Feb. 13 (UPI) -- The International Court of Justice ruled Wednesday it has jurisdiction to consider a request by the Iranian government to thaw $2 billion worth of assets frozen by the United States for past crimes attributed to Tehran.
The ruling rejected an argument by U.S. officials that the court does not have the authority to make such a move.
Iran filed the claim in 2016 after the U.S. Supreme Court ruled the funds should go to victims of the past crimes, chiefly the bombing of American servicemen in Beirut, Lebanon, 36 years ago. The money is also to be paid for other crimes blamed on Iran, the high court determined.
In a formal objection to the court last October, the U.S. said the ICJ did not have jurisdiction in the matter. The court ruled Wednesday it does, and can decide at least part of the matter.
Islamic jihadists took credit for the 1983 bombing and U.S. officials also blamed Hezbollah and the Iranian regime. A total of 307 people died, including 241 American service members.
Plaintiffs had tried to collect funds from Iran's central bank, Bank Markazi, based on a 2012 U.S. law that specified assets of the bank that could satisfy the judgments.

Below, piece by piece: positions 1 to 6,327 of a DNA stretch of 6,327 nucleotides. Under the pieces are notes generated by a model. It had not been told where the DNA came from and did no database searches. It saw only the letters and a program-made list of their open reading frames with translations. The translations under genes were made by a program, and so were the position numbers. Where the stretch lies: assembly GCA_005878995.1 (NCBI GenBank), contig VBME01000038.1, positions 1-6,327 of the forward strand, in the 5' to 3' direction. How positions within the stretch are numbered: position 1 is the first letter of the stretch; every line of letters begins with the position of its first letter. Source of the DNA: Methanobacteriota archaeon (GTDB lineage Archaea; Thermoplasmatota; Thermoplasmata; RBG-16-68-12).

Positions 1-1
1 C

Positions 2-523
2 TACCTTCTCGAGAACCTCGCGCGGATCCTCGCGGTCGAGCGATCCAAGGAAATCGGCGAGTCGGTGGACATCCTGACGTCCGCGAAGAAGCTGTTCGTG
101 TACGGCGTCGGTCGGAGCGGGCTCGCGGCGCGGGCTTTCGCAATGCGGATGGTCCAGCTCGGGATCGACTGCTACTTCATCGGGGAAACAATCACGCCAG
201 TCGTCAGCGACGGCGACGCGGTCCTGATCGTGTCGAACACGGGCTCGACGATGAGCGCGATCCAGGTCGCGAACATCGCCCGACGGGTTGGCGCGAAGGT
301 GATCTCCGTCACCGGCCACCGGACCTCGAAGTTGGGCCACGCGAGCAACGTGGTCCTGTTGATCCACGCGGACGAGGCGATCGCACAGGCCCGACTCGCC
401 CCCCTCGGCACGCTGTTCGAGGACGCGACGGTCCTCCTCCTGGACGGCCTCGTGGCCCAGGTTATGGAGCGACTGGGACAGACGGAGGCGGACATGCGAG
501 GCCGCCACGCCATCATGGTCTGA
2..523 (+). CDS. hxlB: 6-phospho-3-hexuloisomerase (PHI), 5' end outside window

Iranian President Hassan Rouhani called the U.S. ruling "highway robbery," and Tehran argued it violated the Treaty of Amity between the two countries, which was signed under the former regime of Mohammad Reza Shah Pahlavi before the 1979 Islamic revolution.
Rulings by the ICJ are binding and cannot be appealed. However, the court has no means to enforce judgments.
The dispute comes at a time of deteriorating U.S.-Iranian relations. President Donald Trump abandoned the multinational deal with Iran last year and imposed new sanctions, calling the Obama-era pact "defective at its core."
In a somewhat similar matter, the International Court of Justice ruled in October the United States must lift Iranian sanctions designated as humanitarian aid.